Earnings of Commerce Bancshares, Inc. (NASDAQ: NASDAQ:CBSH) will likely decline next year as the provisioning for loan losses will rise towards a more normal level. On the plus side, there is hope that the declining loan trend will reverse soon, leading to a better earning asset mix. The anticipated interest rate hike will also materially boost the net interest income. Overall, I'm expecting Commerce Bancshares to report earnings of around $3.67 per share in 2022, down 20% year-over-year. Next year’s target price suggests a small downside from the current market price. Hence, I'm adopting a neutral rating on Commerce Bancshares.
Commerce Bancshares’ loan portfolio declined sharply in the last two consecutive quarters, mostly because of the forgiveness of Paycheck Protection Program (“PPP”) loans. As a result, the loan balance at the end of September 2021 was 7.4% below the March-end balance. Due to the loan decline and continued deposit growth, the earning asset mix shifted towards the securities portfolio, which is now almost as large as the loan portfolio. The following table shows the earning assets mix using data from the third quarter’s 10-Q filing.
However, all was not bleak as Commerce Bancshares was able to significantly reduce its excess cash balance in the third quarter and deploy it into higher-yielding securities. The following chart shows the trend of interest-earning deposits with other banks (a cash equivalent).
Despite the mopping-up of excess cash, there is still plenty of room for improvement because of the large securities portfolio. The recent asset mix shift towards securities has a significant impact on the average earning asset yield because the yields on the different asset classes are quite varied. The following table summarizes the different yields, as given in the 10-Q filing.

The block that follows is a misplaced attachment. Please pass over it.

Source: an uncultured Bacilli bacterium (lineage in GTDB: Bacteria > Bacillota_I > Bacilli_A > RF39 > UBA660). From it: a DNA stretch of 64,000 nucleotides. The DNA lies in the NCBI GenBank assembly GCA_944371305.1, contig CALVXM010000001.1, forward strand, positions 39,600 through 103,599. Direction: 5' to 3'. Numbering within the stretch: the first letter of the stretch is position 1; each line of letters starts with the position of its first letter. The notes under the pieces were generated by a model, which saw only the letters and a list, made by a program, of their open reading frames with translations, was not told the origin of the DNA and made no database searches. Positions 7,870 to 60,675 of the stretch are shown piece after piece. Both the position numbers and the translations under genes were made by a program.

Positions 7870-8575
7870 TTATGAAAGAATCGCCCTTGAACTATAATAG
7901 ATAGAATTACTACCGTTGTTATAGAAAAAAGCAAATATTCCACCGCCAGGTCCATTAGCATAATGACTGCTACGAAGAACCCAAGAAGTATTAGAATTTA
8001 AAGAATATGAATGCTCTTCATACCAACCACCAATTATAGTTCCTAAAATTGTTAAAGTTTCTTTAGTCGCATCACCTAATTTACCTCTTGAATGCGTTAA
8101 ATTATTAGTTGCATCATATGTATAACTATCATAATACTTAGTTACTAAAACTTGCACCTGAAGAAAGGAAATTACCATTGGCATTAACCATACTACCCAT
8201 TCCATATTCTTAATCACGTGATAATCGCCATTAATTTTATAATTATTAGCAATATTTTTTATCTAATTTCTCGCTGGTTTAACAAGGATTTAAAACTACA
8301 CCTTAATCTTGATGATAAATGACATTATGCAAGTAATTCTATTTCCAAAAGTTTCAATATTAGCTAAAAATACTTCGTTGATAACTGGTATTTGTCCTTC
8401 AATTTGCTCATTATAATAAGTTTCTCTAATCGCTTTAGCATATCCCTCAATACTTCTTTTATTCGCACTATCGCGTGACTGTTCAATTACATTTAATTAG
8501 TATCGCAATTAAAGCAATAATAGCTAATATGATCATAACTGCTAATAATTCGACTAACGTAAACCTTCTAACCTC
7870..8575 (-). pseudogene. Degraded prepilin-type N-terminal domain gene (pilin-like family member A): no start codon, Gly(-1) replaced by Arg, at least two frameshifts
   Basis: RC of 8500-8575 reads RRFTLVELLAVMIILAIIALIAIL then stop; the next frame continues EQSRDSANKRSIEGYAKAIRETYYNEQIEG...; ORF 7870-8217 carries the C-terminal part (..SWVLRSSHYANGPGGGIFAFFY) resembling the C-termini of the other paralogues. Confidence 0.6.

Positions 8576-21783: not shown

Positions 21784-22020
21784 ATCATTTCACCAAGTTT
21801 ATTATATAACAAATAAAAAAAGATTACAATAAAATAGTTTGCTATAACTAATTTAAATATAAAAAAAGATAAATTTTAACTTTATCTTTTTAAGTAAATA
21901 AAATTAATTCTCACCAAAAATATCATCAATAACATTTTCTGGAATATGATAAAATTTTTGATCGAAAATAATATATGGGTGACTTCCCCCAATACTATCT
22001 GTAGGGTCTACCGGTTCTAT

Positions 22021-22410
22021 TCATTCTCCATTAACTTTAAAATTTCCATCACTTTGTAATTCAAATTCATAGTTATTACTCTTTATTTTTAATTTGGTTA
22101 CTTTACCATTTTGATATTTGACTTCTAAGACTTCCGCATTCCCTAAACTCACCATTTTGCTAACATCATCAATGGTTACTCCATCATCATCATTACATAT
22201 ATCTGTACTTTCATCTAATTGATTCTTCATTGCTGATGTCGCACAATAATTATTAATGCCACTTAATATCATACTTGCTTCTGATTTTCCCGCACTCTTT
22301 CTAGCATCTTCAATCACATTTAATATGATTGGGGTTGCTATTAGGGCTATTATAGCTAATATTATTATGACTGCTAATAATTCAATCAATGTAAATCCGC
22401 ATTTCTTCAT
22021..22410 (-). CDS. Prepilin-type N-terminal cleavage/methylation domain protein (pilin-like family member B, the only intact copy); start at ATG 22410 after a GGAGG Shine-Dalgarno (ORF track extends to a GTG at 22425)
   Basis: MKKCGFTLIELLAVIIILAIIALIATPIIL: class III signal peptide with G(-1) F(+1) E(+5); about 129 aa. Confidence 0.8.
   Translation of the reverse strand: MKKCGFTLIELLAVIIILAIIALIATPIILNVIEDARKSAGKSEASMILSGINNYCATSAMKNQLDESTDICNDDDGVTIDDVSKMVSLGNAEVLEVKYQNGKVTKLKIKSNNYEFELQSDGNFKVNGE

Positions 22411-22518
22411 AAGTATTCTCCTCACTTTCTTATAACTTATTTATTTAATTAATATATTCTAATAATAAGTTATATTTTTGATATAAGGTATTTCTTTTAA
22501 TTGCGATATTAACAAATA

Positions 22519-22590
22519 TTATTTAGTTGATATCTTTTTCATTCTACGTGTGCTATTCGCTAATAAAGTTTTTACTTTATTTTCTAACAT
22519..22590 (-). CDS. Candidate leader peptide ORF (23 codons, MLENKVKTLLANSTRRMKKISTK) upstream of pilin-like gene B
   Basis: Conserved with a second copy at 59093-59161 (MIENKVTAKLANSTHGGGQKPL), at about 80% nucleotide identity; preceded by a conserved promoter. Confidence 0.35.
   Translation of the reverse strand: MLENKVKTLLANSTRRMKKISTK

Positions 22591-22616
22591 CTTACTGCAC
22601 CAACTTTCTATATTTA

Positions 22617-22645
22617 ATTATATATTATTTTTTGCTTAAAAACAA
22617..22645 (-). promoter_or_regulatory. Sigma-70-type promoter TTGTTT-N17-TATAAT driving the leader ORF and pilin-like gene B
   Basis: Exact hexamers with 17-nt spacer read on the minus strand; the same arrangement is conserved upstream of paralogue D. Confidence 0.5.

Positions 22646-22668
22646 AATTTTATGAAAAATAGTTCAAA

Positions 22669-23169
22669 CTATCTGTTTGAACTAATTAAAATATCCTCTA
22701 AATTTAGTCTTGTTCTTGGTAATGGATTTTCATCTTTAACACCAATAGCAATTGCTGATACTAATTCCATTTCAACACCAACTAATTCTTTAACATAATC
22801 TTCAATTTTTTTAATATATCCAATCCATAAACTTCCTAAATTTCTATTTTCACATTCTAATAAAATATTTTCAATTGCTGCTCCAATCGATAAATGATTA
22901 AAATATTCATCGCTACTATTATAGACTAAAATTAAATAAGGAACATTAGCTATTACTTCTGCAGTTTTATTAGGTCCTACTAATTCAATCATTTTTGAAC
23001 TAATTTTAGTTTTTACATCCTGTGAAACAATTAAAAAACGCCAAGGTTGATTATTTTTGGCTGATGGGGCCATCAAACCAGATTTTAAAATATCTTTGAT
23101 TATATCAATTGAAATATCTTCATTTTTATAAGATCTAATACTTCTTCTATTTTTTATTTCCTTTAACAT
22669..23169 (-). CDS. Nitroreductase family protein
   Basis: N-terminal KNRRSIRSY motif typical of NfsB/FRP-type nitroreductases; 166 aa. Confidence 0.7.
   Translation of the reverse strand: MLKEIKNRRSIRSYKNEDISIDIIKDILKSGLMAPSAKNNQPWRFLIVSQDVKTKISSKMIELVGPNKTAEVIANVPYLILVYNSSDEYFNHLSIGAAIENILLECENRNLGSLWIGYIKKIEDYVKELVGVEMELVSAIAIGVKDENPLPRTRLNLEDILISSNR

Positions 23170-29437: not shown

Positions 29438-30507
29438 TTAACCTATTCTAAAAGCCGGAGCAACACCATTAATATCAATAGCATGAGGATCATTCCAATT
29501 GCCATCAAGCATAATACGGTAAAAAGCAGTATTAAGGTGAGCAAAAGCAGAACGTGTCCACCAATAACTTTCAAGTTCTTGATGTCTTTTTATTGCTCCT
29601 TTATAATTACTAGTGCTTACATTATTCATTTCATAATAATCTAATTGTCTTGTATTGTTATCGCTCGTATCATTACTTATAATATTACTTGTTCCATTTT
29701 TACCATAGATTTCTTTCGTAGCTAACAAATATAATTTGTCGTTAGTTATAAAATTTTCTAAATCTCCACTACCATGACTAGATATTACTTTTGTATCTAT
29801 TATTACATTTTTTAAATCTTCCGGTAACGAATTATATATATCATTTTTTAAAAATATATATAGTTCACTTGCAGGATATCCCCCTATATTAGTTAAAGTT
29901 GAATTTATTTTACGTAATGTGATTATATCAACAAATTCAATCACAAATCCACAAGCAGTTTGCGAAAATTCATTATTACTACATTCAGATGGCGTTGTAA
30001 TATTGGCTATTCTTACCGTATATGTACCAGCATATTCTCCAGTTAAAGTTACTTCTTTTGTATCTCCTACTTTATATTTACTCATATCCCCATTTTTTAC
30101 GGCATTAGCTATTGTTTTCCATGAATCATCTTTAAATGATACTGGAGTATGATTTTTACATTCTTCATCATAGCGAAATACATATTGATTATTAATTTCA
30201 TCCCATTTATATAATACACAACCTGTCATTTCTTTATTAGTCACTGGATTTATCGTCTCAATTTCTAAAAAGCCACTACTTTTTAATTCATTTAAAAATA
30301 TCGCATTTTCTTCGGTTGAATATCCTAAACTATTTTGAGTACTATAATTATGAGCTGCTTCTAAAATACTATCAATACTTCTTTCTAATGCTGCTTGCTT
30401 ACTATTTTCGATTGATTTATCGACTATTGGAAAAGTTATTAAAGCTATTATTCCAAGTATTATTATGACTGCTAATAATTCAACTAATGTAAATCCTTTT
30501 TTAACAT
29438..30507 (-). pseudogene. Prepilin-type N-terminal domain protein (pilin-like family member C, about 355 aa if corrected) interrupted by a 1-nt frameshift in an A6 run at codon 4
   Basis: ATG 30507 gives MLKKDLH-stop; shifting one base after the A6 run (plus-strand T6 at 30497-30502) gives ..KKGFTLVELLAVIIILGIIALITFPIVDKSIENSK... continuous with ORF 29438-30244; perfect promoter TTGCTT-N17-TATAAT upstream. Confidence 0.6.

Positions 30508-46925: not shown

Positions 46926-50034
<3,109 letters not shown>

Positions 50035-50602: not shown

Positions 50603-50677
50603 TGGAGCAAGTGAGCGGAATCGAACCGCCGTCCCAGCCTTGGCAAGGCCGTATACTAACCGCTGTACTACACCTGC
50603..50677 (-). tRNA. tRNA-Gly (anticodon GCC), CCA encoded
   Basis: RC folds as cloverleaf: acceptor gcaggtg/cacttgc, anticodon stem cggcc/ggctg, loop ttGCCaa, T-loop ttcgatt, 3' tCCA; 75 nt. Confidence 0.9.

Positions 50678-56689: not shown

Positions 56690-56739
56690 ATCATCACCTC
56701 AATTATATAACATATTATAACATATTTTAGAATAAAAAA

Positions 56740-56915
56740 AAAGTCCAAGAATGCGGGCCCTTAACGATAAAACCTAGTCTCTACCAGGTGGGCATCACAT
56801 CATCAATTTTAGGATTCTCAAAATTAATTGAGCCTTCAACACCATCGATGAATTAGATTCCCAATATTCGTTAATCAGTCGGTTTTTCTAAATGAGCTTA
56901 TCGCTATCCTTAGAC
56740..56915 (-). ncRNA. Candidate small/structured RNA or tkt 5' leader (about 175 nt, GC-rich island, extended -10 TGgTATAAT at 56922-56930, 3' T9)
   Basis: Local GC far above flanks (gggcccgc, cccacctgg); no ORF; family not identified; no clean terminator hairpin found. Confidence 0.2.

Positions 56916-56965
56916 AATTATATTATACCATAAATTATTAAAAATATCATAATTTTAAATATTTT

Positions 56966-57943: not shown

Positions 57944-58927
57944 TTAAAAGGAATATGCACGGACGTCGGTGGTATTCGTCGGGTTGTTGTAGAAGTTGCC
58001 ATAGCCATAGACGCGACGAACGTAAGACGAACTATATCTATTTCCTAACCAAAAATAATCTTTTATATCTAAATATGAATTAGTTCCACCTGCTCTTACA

The management mentioned in the third quarter’s investor presentation that it is prudently deploying excess deposits into higher-yielding assets. In my opinion, an improvement in the earning asset mix is possible in the coming quarters because of a positive loan outlook. The following factors contribute to the loan outlook.
Considering the factors mentioned above, I'm expecting loan growth to return to the pre-pandemic normal of mid-single-digit growth. I'm also expecting loans to outpace deposit growth, which will improve the earning asset mix. I'm expecting the loan to deposit ratio to improve to 54.0% by the end of December 2022 from around 53.4% expected at the end of December 2021. The following table shows my balance sheet estimates.
The anticipated asset mix shift will boost the average earning asset yield in the coming quarters, which will, in turn, support the net interest margin.
Further, an interest rate hike will boost the margin. Around 50% of the total loan portfolio is made up of variable-rate loans, as mentioned in the investor presentation. Due to the significant proportion of variable-rate loans, the anticipated interest rate hike next year will most probably have a material impact on the average portfolio yield. The Federal Reserve projects around a 25 basis point interest rate hike next year.
The liability side will further help the margin in a rising interest-rate scenario. Around 41% of average deposits in the third quarter were non-interest-bearing, as mentioned in the presentation. Therefore, a large part of the deposit portfolio will likely remain unchanged if rates rise. Due to a shift in asset mix, sensitive earning asset yields, and sticky deposit costs, I'm expecting the net interest margin to increase by two basis points in the last quarter of 2021 and then by four basis points in 2022.